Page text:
The Correspondence of Thomas Jefferson

By Subject


The operations which have taken place in America lately, fill me with pleasure. In the first place, they realize the confidence I had, that whenever our affairs go obviously wrong, the good sense of the people will interpose, and set them to rights. The example of changing a constitution, by assembling the wise men of the State, instead of assembling armies, will be worth as much to the world as the former examples we had given them. The Constitution, too, which was the result of our deliberations, is unquestionably the wisest ever yet presented to men, and some of the accommodations of interest which it has adopted, are greatly pleasing to me, who have before had occasions of seeing how difficult those interests were to accommodate. A general concurrence df opinion seems to authorize us to say, it has some defects. I am one of those who think it a defect, that the important rights, not placed in security by the frame of the Constitution itself, were not explicitly secured by a supplementary declaration. There are rights which it is useless to surrender to the government, and which governments have yet always been found to invade. These are the rights of thinking, and publishing our thoughts by speaking or writing; the right of free commerce; the right of personal freedom. . . I hope to receive soon permission to visit America this summer, and to possess myself anew, by conversation with my countrymen, of their spirit and their ideas. I know only the Americans of the year 1784. They tell me this is to be much a stranger to those of 1789. This renewal of acquaintance is no indifferent matter to one, acting at such a distance, as that instructions cannot be received hot and hot.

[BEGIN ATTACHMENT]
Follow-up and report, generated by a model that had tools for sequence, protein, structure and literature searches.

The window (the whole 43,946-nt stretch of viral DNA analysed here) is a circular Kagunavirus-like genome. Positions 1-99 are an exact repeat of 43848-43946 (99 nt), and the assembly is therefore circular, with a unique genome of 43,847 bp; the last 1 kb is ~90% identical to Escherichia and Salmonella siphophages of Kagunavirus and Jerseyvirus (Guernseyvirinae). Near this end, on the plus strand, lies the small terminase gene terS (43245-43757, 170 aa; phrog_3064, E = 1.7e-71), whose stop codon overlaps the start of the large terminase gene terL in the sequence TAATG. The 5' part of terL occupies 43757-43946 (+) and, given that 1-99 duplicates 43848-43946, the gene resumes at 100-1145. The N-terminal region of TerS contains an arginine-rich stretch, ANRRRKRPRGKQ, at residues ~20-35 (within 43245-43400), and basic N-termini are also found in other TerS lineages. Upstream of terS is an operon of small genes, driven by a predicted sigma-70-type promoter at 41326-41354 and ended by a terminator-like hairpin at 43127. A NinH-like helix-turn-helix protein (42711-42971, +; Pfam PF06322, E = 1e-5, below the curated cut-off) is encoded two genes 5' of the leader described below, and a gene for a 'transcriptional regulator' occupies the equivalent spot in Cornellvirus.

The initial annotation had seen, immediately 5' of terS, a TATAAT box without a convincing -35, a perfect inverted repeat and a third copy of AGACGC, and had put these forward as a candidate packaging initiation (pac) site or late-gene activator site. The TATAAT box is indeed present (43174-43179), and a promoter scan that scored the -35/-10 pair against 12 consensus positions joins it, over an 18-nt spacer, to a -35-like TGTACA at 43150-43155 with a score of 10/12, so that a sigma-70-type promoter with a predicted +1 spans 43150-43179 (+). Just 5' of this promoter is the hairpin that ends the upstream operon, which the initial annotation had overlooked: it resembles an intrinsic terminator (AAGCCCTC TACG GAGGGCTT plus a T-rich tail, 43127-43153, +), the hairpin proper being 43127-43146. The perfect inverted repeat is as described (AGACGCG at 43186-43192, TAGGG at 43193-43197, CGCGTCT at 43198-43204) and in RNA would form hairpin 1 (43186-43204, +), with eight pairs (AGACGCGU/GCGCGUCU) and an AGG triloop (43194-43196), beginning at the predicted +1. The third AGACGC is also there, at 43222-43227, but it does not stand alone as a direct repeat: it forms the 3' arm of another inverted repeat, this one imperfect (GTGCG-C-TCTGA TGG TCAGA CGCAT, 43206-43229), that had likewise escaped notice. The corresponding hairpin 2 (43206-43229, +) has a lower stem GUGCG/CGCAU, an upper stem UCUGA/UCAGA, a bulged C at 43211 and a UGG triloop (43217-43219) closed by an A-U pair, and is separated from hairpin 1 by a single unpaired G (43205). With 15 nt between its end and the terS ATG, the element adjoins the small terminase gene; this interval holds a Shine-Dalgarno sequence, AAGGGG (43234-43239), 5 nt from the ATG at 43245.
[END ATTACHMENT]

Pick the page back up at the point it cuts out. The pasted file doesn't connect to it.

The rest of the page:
to Colonel Humphreys, 18 March 1789